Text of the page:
2) An Overview of The Numinous Way of Life
3) In Compassion, Empathy and Honour: The Ethics of the Numinous Way
4) Ontology, Ethics and The Numinous Way
6) Introduction, Empathy, Compassion, and Honour: The Numinous Way of Life
7) A Gnostic is someone who seeks gnosis – wisdom and knowledge; someone involved in a life-long search,a quest, for understanding, and who more often than not views the world, or more especially ordinary routine life, as often mundane and often as a hindrance. In my view, this is a rather apt description of Myatt.
8) Refer to Frequently Asked Questions About The Numinous Way and An Overview of The Numinous Way of Life
9) Introduction, Empathy, Compassion, and Honour: The Numinous Way of Life
10) Refer to the section Ontology and The Numinous Way in the chapter A Brief Analysis of The Immorality of Abstraction, and also to Myatt’s earlier essay Acausal Science: Life and The Nature of the Acausal which is referenced in that chapter.
11) A Brief Analysis of The Immorality of Abstraction
12) A Brief Analysis of The Immorality of Abstraction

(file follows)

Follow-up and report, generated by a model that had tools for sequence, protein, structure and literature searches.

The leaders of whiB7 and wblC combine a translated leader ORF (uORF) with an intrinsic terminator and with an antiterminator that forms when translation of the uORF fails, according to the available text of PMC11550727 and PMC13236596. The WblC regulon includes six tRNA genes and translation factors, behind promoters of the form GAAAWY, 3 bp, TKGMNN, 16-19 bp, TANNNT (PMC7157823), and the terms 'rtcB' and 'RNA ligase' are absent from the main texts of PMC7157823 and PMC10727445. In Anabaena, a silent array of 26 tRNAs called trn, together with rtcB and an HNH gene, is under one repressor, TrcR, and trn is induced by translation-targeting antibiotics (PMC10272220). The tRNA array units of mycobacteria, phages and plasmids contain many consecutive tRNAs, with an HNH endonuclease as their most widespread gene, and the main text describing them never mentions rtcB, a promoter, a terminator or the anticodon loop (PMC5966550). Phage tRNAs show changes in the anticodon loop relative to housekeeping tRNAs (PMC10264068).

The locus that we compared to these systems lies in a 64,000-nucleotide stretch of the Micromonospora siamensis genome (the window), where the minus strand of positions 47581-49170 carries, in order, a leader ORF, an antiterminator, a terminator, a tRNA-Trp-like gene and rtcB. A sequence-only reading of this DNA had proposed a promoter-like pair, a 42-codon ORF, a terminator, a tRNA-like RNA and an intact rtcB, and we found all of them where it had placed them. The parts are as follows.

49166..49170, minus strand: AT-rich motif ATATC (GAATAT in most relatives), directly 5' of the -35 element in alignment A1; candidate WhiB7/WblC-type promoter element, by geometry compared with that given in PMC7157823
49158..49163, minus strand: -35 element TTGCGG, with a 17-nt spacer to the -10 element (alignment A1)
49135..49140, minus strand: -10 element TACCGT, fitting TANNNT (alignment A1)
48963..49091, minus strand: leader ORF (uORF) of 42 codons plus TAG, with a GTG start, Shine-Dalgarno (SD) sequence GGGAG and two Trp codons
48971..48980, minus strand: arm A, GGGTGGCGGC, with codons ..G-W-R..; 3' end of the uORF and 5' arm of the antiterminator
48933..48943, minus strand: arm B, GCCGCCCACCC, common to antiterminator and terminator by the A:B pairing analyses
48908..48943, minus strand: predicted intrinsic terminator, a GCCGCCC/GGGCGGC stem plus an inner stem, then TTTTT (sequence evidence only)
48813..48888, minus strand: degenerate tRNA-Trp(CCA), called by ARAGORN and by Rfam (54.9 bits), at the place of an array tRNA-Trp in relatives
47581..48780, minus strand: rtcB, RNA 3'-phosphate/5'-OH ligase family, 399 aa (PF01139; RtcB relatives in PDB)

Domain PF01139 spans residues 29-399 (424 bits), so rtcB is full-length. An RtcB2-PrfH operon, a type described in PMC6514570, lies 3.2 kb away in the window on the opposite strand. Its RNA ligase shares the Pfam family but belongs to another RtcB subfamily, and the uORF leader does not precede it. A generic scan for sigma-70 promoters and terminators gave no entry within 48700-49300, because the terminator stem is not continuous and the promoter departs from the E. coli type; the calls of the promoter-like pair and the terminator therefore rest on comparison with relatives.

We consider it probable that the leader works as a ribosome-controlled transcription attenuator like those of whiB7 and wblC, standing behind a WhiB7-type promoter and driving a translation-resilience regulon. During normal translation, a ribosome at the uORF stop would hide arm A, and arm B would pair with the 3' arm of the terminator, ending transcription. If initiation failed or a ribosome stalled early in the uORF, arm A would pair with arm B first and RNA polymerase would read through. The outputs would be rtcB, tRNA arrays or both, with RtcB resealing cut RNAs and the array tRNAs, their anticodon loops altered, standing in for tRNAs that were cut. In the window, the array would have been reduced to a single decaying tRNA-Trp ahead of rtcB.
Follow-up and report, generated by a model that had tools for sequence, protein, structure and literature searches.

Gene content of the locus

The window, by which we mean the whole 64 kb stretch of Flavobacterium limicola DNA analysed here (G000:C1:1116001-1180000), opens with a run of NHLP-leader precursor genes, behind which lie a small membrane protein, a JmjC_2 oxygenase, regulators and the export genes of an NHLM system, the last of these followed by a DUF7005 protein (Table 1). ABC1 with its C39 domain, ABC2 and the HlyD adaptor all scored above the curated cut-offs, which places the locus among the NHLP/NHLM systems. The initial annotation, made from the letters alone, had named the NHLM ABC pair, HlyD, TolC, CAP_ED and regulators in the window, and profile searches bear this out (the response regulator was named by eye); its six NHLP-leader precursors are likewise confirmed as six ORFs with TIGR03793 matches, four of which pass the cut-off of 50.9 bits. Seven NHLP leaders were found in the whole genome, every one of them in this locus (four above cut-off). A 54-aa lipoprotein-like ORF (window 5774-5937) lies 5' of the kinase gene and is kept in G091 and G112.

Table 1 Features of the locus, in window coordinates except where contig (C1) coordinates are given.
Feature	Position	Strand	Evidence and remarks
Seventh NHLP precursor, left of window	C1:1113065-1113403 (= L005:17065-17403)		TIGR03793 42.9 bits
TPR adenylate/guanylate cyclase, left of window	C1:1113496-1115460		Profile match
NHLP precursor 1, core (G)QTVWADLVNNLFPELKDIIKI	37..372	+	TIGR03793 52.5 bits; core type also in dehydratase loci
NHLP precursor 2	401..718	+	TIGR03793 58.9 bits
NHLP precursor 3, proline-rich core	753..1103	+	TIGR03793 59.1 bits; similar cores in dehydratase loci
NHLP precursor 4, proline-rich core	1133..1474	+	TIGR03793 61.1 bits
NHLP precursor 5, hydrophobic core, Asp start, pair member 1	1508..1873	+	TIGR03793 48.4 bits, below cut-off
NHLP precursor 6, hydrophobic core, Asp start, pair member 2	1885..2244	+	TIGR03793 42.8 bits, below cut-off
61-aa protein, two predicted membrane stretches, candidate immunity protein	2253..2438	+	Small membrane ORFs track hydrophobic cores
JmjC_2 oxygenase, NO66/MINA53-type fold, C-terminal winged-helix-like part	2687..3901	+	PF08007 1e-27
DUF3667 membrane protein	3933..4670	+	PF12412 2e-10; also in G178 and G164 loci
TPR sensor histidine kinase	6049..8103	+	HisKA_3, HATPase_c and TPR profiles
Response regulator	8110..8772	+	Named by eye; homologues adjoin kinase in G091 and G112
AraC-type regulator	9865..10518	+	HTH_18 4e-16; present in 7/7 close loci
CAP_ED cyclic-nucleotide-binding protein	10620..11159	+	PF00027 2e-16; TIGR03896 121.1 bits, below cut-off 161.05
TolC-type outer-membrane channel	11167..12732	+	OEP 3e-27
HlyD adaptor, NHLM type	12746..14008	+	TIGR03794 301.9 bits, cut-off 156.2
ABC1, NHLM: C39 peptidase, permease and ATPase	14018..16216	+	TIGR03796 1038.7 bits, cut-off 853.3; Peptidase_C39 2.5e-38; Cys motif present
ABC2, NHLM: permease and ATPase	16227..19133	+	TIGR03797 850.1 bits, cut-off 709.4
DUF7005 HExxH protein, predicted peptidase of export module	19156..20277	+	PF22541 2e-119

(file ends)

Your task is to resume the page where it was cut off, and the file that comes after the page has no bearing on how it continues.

13) An Overview of The Numinous Way of Life
14) Refer to Myatt’s recent essay, A Change of Perspective, dated December 21, 2008
15) A Brief Analysis of The Immorality of Abstraction
16) Refer to An Overview of The Numinous Way of Life and Ontology, Ethics and The Numinous Way and also Presencing The Numen In The Moment
17) A Change of Perspective. Also, private e-mail from Myatt to JRW, December 22, 2008
18) A Brief Analysis of The Immorality of Abstraction
19) An Overview of The Numinous Way of Life
20) Acausal Science: Life and The Nature of the Acausal
21) Private e-mail from Myatt to JRW, December 21, 2008
22) An Overview of The Numinous Way of Life. See also The Numinous Way and Life Beyond Death
23) Ontology, Ethics and The Numinous Way. Also, private e-mail from Myatt to JRW, December 22, 2008
24) Ontology, Ethics and The Numinous Way
25) Private e-mail from Myatt to JRW, December 22, 2008 and private letter from Myatt to JRW, which he dated 9.xii.08 (CE)
26) Presencing The Numen In The Moment
27) The Empathic Essence
28) Refer to An Overview of The Numinous Way of Life and also The Principles of Numinous Law
29) Among his dozens of autobiographical essays are the following:

So Many Tears
Love, Deities and God: Redemption and The Numinous Way
An Allegory of Pride and Presumption
One Simple Numinous Answer
The Empathic Essence

I have collected some of his recent personal letters in The Private Letters of David Myatt, Part 1.

30) Refer to Frequently Asked Questions About The Numinous Way, where Myatt writes that “such a concept as “the folk” now has no place in The Numinous Way…” See also The Development of The Numinous Way and Other Questions